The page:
The Ti-4800 is now on the market looking for buyers. Yup, you heard that correctly, and you are probably thinking: What the heck is a GeForce4 Ti 4800? The Ti4800 is also known as the NV28. Still haven't heard of it? This GPU was recently released from nVidia, but received little press due to the highly watched NV30 development. But then again maybe nVidia did not want to waste marketing money on a product that really did not boost the Geforce 4 series performance to a level where it can compete with the ATI Radeon 9700 Pro. In the end, the NV28 is an updated NV25 core and nothing more. Updates mean improved performance, right? I guess we will soon find out if that is true!
MSI does not call their card a Ti4800 and, instead, stick to the Ti4600 name. They call their card the G4Ti4600-VT2D8X. Although it is mouthful to say, at least buyers are aware of exactly what they are buying. I put together a little chart below that will help explain what the entire name means. As you can tell, the name all makes sense after you read the chart.
|Dual DVI Support|
With that said, I'm glad to look at another MSI Top-Tech cooled video card. This series of cards comes with an awesome cooling system that we found to cool well while not damaging your hearing. This time it is the MSI Ti4600-VT2D8X, which as its name states is a Ti4600 with 8x support. This GPU was released to hold over the Geforce4 series for the long awaited release of the NV30/FX. For this review, we are going to compare the MSI Ti4600-VT2D8X to some other Geforce 4's that also have 8x AGP support. Then we will take a closer look at how the final Geforce 4 card performs when overclocked.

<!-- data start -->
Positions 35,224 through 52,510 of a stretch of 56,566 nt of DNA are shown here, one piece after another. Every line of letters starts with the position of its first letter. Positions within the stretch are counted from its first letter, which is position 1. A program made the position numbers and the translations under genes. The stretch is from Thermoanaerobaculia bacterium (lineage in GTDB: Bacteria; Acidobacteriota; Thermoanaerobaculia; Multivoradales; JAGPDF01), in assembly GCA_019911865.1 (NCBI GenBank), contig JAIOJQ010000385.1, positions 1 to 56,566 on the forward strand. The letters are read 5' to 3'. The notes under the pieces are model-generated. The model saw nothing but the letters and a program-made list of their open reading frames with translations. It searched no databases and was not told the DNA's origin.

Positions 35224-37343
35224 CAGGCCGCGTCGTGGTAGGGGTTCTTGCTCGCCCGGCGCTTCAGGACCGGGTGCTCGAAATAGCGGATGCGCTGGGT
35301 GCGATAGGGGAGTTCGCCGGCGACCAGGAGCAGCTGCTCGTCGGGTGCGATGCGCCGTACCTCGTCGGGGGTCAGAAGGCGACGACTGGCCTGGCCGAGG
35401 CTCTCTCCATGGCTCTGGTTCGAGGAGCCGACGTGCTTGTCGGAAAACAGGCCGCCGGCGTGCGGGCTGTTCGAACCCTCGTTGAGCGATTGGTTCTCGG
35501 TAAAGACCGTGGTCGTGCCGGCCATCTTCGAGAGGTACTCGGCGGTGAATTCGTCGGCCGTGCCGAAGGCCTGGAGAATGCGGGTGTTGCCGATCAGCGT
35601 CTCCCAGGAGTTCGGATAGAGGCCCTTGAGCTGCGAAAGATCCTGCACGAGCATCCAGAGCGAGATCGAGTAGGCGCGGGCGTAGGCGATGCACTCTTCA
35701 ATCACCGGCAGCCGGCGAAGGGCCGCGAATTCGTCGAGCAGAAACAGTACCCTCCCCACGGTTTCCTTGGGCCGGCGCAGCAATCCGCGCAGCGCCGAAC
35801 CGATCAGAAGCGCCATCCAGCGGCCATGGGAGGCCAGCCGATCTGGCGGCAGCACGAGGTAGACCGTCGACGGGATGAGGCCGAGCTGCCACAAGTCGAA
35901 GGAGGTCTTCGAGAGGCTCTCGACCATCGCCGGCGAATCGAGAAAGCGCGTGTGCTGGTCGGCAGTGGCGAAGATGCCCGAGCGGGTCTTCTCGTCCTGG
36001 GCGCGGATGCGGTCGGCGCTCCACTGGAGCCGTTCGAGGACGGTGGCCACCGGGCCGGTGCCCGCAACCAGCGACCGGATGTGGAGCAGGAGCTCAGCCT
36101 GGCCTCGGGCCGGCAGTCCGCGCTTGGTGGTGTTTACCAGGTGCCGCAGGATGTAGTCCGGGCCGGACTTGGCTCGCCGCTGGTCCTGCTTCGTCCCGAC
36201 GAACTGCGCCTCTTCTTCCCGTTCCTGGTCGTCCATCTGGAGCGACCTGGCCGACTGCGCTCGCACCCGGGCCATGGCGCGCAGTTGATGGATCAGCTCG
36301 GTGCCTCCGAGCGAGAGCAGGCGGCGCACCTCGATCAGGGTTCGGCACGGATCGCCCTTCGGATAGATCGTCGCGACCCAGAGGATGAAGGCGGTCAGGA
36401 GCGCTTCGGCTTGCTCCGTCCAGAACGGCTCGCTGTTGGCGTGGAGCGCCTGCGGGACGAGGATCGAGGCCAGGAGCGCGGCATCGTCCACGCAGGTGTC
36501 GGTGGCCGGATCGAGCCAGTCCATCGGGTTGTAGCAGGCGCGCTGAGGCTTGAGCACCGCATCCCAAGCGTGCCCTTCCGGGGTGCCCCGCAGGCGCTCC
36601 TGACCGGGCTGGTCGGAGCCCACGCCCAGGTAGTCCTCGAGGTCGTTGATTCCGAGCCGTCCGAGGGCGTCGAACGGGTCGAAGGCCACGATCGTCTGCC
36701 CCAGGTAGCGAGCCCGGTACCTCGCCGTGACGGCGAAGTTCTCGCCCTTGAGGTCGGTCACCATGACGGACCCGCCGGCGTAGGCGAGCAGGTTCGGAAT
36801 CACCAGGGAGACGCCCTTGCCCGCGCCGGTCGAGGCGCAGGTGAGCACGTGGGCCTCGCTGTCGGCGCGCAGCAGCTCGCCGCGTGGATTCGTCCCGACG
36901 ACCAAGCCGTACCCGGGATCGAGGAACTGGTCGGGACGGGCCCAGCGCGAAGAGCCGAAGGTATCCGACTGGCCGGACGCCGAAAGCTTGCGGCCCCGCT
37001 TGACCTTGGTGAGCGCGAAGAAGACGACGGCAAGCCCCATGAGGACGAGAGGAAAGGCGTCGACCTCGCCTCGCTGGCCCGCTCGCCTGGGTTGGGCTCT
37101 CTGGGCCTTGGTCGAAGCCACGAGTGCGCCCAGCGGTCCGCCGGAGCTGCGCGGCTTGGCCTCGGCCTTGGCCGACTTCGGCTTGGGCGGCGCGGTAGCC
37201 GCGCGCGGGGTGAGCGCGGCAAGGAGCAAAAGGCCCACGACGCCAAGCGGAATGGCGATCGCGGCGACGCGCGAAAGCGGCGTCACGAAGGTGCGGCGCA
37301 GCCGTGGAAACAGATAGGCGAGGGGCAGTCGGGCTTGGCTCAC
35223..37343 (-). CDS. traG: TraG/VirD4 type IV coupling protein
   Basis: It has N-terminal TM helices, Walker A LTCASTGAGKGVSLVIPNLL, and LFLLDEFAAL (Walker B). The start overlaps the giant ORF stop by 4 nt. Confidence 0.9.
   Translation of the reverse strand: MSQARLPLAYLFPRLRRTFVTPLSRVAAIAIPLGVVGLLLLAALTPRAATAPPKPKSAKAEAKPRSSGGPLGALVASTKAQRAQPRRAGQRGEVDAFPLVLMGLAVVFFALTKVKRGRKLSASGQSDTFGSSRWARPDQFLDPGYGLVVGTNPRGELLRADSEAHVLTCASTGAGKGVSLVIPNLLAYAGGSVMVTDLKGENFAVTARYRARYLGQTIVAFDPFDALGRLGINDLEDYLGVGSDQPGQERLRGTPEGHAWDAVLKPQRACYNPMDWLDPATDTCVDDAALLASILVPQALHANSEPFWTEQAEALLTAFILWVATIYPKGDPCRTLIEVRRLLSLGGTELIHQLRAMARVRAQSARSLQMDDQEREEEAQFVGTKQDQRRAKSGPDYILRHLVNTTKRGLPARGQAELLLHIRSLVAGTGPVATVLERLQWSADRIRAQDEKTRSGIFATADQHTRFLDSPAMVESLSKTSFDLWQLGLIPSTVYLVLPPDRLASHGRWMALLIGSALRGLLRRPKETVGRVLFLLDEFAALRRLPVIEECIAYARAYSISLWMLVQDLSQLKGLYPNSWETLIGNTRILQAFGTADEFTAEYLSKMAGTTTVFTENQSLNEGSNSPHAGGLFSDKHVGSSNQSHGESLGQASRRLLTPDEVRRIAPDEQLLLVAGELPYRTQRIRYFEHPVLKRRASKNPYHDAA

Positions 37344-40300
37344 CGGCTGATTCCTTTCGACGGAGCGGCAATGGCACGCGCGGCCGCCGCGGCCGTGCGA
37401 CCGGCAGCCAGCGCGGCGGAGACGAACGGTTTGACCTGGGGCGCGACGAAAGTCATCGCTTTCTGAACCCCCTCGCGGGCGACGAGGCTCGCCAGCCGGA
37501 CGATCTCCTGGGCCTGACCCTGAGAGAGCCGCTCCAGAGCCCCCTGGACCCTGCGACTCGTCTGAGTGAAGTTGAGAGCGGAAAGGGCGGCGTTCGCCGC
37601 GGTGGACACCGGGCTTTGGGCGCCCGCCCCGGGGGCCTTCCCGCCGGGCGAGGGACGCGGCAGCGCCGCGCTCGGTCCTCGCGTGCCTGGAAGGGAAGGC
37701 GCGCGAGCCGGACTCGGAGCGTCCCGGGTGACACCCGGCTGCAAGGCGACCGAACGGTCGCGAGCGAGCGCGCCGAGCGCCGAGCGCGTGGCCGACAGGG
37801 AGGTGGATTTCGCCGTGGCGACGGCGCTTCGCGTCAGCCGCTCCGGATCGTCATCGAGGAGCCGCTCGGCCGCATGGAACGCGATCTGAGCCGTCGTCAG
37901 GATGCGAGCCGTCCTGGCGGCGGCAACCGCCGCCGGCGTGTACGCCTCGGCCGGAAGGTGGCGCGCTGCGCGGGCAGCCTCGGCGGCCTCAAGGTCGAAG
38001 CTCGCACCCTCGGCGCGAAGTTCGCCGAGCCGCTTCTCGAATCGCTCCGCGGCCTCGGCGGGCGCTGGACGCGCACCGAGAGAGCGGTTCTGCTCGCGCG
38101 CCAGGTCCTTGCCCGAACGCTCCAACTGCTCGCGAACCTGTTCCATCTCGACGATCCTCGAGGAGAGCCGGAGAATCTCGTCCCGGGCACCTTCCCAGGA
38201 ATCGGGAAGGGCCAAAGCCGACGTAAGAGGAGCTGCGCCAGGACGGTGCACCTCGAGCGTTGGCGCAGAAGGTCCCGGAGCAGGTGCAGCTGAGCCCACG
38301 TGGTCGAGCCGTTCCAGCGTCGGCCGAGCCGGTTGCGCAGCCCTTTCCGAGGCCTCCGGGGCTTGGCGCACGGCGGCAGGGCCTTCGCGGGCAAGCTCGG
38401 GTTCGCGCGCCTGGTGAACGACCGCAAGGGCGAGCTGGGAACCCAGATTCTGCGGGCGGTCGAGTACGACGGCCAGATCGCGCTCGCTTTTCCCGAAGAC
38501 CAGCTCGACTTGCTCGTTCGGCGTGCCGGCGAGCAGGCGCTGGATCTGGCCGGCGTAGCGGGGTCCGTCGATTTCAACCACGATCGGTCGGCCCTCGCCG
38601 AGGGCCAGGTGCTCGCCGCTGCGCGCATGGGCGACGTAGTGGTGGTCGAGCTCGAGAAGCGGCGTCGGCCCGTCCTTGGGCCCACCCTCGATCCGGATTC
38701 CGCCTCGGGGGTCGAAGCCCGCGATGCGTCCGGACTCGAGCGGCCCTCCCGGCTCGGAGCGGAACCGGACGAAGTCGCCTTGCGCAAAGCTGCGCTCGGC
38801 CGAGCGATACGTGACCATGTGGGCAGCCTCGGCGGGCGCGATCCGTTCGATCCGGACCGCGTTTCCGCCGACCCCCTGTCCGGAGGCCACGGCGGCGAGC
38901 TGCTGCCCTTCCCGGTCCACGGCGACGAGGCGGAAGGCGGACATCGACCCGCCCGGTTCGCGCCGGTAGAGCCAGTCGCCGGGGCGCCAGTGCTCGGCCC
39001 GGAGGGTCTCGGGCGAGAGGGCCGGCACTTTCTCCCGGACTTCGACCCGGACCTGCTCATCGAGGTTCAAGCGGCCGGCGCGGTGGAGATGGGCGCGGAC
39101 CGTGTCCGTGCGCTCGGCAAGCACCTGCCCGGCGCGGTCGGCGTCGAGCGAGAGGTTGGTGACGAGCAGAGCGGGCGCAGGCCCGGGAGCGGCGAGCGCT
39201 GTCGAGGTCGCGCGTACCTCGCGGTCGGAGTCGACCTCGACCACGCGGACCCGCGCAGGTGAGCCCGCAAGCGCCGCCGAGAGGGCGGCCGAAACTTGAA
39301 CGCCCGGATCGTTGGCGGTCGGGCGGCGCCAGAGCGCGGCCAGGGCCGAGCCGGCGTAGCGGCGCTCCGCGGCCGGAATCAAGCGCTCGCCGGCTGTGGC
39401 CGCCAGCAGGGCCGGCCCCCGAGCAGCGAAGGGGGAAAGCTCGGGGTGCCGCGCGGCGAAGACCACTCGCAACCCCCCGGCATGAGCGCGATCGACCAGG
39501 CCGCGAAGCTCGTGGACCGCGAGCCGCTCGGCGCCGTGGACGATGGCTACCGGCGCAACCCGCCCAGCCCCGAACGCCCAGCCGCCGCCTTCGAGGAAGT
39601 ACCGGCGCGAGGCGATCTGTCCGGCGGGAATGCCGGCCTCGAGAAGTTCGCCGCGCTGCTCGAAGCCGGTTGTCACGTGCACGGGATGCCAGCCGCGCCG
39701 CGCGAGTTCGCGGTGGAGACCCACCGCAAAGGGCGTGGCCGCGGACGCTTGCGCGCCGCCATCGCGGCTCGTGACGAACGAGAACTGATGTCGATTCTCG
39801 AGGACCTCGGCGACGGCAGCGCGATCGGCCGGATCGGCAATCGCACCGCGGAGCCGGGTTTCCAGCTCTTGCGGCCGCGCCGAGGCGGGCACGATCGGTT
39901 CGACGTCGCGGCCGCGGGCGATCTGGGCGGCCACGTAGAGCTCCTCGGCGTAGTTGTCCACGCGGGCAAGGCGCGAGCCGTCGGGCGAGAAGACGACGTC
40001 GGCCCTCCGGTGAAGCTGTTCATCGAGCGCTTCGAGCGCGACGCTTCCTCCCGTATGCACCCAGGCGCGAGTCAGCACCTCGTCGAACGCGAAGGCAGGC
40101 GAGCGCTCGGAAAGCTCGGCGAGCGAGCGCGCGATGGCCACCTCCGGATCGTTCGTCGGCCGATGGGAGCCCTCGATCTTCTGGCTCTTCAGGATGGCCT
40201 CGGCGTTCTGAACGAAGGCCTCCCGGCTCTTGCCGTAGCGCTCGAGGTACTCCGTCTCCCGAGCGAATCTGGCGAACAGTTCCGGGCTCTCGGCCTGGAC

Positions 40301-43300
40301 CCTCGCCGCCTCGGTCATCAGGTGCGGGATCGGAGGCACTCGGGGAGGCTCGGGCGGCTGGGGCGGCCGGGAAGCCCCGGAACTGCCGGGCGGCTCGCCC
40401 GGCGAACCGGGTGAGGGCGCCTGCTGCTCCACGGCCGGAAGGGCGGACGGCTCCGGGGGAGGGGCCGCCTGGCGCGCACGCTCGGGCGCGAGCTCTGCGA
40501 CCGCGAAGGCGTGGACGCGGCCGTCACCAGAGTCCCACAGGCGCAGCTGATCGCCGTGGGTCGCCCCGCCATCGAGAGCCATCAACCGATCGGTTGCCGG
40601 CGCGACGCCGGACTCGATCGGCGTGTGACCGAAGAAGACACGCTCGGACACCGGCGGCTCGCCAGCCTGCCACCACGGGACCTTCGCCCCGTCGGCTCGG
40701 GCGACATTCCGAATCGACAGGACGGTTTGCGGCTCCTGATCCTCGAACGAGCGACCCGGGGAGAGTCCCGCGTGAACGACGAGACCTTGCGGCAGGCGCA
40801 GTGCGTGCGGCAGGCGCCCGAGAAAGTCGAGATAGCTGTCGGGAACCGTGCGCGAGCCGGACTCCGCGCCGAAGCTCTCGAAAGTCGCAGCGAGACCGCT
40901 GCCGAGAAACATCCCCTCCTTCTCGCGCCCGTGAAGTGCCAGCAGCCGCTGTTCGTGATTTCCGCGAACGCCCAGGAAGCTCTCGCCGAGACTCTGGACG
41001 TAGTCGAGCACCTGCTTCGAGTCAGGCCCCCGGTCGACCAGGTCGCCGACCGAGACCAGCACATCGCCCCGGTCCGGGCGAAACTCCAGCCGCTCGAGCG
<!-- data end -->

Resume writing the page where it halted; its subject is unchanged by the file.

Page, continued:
To find out more about MSI's many products or history please visit the MSI Site.
The box has almost the same layout as the Ti4200 8x, but we will still comment on how well the nicely laid out the box is able to cram a ton of information into a small space, but does not overwhelm the reader. Like normal, the box has no impact on the review, but we believe MSI did a great job on the visual appeal if the product was on the shelf.
Bundled with the Ti4600-VT2D8X is a very impressive assortment of software and games. It came with a total of 10 CD cases packed full with the list of software below!
Software / Utilities
- InterVideo WinProducer / WinCoder
- InterVideo WinDVD 5.1 channel
- VirtualDrive Professional
- RestoreIT Professional
- ThinSoft Be Twin – Simultaneous PC sharing software
- Trend PC-cillin 2002
- E-Color 3Deep
- MSI 3D! Turbo Experience
- MSI Live Update 2